Well, a blog has to start somewhere so this is the first entry for the Cox Bank Publishing blog – the first of a series looking at the company’s areas of interest, as well as things like lessons learned in running a new business. And lots more beside, hopefully all of some interest to what (fingers crossed) will be a growing number of followers.
Cox Bank Publishing – or CBP – was formed in June this year (2015) when I decided that I had a project with enough breadth, enough interest and enough legs to make of turning it into a business. The basic idea, as you might have seen from CBP’s or my LinkedIn and Facebook profiles, is that I publish anthologies of sports writing. This follows a successful ‘pilot’ of a fell-running book in 2010. Not that I knew at the time that that project was a pilot: it was just a fun thing to do!
It was a classic hobby project – to bring to a wider audience some really good running stories, written by runners for runners, all of which I had really enjoyed reading. And, importantly, the aim was to raise money for Mountain Rescue charities. But it had a good reception, and some really nice reviews by established authors like Richard Askwith and Cameron MacNeish, so when I found myself unexpectedly redundant five years down the line, I decided to make a go of turning a hobby into a business and social enterprise.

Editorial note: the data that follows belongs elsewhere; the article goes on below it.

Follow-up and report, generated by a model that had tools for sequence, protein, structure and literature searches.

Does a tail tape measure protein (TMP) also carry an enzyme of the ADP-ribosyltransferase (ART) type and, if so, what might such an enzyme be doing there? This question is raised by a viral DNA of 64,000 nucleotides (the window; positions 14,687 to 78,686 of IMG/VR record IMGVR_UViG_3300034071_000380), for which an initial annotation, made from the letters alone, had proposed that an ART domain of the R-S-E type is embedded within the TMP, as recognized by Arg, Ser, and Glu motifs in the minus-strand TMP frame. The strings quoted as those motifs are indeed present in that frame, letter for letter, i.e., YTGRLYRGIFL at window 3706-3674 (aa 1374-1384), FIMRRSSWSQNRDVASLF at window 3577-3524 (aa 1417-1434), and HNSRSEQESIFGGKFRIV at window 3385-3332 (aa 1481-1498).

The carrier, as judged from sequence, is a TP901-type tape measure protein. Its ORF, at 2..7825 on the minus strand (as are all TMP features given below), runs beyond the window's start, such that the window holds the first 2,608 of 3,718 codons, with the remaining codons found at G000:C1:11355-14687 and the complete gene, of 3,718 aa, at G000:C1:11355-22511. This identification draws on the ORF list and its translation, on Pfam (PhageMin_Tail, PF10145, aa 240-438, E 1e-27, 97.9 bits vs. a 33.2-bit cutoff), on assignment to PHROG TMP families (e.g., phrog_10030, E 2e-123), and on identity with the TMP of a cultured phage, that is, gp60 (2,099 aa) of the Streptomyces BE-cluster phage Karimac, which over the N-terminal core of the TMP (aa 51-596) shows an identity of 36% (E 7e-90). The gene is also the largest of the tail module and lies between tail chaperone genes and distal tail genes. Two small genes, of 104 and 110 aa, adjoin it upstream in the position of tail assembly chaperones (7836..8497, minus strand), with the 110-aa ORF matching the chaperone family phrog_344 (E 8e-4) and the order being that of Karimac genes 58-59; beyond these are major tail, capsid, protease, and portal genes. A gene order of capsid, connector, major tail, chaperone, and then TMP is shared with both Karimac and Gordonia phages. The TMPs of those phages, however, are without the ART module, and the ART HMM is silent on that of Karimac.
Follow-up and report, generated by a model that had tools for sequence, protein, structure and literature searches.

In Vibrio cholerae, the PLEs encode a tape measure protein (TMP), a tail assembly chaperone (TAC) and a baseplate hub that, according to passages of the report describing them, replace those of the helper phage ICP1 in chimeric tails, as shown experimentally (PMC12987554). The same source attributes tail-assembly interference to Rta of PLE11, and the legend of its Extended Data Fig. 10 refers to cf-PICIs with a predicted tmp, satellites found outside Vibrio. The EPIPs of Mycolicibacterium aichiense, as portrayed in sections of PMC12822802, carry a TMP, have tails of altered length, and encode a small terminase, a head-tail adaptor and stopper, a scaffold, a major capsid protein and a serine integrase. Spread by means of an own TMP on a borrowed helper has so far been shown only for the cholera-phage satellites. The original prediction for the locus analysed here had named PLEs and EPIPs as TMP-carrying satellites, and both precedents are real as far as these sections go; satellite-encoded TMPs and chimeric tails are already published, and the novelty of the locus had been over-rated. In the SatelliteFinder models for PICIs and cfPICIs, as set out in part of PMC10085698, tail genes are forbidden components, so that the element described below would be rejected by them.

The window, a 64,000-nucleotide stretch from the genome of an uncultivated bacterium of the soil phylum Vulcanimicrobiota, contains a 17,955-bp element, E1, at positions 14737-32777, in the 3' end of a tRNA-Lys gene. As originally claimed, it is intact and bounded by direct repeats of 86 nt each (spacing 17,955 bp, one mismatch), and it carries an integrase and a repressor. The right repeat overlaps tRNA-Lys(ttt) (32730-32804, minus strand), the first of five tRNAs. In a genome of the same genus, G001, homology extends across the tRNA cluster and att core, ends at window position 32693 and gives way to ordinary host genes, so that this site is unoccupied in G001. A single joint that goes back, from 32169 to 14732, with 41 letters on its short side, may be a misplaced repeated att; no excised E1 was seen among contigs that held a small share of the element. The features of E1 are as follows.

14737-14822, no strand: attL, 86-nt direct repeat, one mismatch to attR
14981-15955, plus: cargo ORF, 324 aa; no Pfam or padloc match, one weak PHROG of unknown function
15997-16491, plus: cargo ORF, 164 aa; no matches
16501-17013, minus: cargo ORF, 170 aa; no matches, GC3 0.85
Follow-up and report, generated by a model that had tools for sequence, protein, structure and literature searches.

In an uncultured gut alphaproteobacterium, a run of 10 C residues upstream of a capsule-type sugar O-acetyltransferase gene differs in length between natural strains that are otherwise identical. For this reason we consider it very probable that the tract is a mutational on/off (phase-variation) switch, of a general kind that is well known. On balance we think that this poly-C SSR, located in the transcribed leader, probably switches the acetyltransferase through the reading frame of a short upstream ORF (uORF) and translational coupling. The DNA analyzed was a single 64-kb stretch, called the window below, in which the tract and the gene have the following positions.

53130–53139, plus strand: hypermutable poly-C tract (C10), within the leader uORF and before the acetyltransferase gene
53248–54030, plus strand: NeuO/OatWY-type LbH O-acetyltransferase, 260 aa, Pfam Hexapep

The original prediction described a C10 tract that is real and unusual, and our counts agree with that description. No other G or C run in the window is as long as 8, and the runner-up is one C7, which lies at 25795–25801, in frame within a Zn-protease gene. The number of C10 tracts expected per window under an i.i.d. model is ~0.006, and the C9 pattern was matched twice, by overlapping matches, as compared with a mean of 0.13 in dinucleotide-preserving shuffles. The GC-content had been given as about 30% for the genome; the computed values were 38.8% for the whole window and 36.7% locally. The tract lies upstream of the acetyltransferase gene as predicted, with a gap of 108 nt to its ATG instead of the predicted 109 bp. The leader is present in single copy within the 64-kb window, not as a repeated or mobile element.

Building a business from scratch – and I’m not there yet by any means – has taught me many things already. Top tips (no rocket science here I’m afraid) to date include:
One Just do it! I love prevaricating, but life is too short. Crack on and live your dreams, and do it now. People tell me I’m always over-thinking actions: when it takes a week to compose a tweet then yes, a change of mind-set is definitely needed!
Two Access all the support and help that you can find, without losing the ability to trust your own judgement and instincts. There are so many sources of help for new start-ups, and all of them are genuinely keen to provide useful advice. In the past 10-12 weeks I’ve plugged into chambers of commerce, business support initiatives, entrepreneur networks, social enterprise self-help groups, mentors and more. All really useful. Even my bank manager (a former national karate champion as it happens) is excited about the project and is linking me to golf players and other writers.
Three Talk to people about your ideas. People will be genuinely interested and keen to help. Certainly in the realm of social enterprise sharing ideas is wholly positive – people don’t want to steal your ideas, they want to help.
Don’t fall into the trap of being too secretive: my experience is that fellow entrepreneurs are really encouraging and a gold mine of ideas and leads. Some useful advice on that here.
Four Listen to everyone, and collect lots of ideas, but remember to prioritise – avoid getting diverted or distracted from what needs to be your core mission.
Five Notwithstanding the need to keep on track, be prepared to change your ideas and take new directions – without losing focus. Avoid the trap of changing the core business model every day as yet another bright idea occurs to you or is thrown at you by a new contact, but do be prepared to be flexible and adapt your strategy to make the most of relevant opportunities that move you in the right direction.
All obvious stuff I know, but I’ve been really encouraged by how supportive people are, from all directions. I’m three months into the adventure now and just starting to nail down a coherent strategy…